Whether the indictment is good under the facts, we believe depends on whether or not there was a fulfillment of the purpose for which the $998 was paid to the defendant when he purchased transportation tickets and delivered them to Sam Veltri, and whether or not an entirely new undertaking or agency was created when the tickets were re-delivered by Veltri to the defendant for the purpose of procuring the refund. Without in this proceeding commenting on or deciding any question relating to the defendant's failure or guilt in not accounting for the $930.65 representing the refund, our decision must therefore depend upon the law applicable to a fair analysis of these facts. The defendant is charged in the indictment only as to the $998 transaction, and as to which he executed and performed the trust imposed upon him, and if it is admitted, though not thoroughly proved, that the State's evidence proved that the defendant had not accounted for the $930.65, such proof is not sufficient to sustain the charge of failure to account for the $998 which he received in May of 1948, as charged in the indictment.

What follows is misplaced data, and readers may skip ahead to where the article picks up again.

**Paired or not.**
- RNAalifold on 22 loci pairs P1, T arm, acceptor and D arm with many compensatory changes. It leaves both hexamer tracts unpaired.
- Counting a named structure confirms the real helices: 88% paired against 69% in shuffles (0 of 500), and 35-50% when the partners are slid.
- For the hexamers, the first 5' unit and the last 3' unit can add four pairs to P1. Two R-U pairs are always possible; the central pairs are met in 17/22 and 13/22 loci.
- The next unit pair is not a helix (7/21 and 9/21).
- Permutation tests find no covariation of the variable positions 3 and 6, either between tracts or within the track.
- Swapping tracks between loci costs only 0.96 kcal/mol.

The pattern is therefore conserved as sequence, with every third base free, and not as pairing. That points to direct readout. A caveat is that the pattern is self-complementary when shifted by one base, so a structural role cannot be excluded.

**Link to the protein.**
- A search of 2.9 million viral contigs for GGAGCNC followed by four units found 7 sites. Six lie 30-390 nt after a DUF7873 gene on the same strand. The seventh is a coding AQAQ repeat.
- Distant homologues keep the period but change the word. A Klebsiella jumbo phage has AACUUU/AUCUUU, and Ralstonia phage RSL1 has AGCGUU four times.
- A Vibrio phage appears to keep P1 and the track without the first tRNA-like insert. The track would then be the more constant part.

The State claims that there has been no variance and consequently, no error in the trial because it says that the time of the commission of the act is not material and that there was a continuing agency and consequently no variance, and furthermore, that under Code, 61-3-20, that there was a presumption of guilt after demand was made in accordance with the statute for the return by the agent of the money belonging to the principal. The cases cited and arguments made by the State would have merit if the evidence did not show that the defendant had fulfilled the requirements of his employment in regard to the $998 received by him. Did then the defendant's failure to pay over the sum of $930.65 render him guilty under the indictment for the alleged embezzling of the sum of $998? We are of the opinion that it did not.